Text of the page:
After being on the defensive for some time and trying to prevent the long-held dream of the oligarchy to either cut spending on Social Security benefits (so that they can provide more tax cuts for themselves) or to privatize the funds (so that they can loot it directly) coming true, some Democrats led by senator Elizabeth Warren have gone on the offensive by arguing, correctly, that the benefits actually need to be increased for low-income retirees, with the extra money for it coming from eliminating the cap on earned income subject to the payroll tax that currently stands at $118,500.
Megan McArdle is a columnist for Bloomberg magazine who has been skewered repeatedly for being not only sloppy and wrong but even innumerate. But she is a loyal servant of the oligarchy and for such people errors don’t matter as long as they stay on message about why the wealthy are deserving of their riches and need to be given even more, with the money coming from the poor who are lazy and shiftless.
So she has naturally come out with a new column arguing as to why Warren’s proposal is bad. But her article is once again riddled with errors and in a brilliant column explaining the many ways she is flat-out wrong, Michael Hiltzik gives an excellent explanation of how Social Security and the taxation system works. It is worth reading in its entirety.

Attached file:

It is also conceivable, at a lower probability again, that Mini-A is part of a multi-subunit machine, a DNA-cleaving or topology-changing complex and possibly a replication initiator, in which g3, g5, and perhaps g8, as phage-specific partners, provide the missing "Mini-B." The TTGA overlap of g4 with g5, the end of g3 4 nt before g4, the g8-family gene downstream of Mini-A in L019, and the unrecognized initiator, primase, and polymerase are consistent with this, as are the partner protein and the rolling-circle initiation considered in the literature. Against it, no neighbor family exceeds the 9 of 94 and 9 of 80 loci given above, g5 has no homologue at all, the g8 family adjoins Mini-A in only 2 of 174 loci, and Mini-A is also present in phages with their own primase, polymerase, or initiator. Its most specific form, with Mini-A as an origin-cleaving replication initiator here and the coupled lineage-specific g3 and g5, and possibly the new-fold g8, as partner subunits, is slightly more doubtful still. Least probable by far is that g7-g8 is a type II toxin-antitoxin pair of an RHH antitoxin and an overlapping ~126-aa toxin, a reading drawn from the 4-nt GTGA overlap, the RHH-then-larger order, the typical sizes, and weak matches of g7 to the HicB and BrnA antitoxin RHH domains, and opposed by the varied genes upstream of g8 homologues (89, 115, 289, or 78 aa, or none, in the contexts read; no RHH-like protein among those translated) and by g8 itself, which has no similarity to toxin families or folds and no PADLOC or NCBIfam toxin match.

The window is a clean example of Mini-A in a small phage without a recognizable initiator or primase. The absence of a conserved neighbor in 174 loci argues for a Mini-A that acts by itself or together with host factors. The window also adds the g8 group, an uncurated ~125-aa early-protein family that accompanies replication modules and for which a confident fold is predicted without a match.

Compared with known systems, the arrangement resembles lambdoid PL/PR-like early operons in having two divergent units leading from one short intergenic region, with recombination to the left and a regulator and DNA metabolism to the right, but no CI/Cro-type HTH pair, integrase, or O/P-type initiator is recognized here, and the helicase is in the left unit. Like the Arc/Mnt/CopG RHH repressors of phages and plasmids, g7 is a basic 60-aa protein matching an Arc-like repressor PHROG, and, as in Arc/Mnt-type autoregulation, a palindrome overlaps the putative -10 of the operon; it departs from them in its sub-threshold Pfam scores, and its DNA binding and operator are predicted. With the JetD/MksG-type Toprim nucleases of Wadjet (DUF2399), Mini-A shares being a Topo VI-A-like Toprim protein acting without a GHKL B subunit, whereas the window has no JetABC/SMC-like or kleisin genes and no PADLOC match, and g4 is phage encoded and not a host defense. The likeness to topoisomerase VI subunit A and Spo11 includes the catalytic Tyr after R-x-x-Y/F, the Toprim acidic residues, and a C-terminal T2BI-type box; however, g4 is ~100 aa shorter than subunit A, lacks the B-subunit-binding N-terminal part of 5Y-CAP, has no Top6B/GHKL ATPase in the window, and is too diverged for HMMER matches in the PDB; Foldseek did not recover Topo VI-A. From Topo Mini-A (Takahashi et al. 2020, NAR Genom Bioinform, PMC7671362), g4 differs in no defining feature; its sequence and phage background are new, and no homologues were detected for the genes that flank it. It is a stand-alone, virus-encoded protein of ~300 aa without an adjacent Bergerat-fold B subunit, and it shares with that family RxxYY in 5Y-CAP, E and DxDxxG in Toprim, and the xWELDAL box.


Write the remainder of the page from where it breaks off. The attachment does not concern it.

After ripping her article to shreds, Hiltzik ends:
In short, McArdle’s piece is a screed in favor of paring working people’s benefits to protect the wealth of the rich. Despite her role as an economics columnist, she doesn’t display much awareness of the toll that income inequality, which would be exacerbated by Social Security benefit cuts and alleviated by an expansion, wreaks on the economy’s basic sustainability.
Then again, she’s not addressing a general audience, but a rooting section of the upper crust. She gives this away almost at the top of her piece, where she writes that she’s mystified at any discussion of expanding Social Security: “Weren’t we just talking about entitlement reform,” she writes, “so that we could spend less on the program?”
No, Megan. “We” weren’t talking about anything of the kind. You were. “We” were trying to think about how to make ends meet in retirement, and using Social Security, perhaps the most efficient and effective social program in American history, to do so.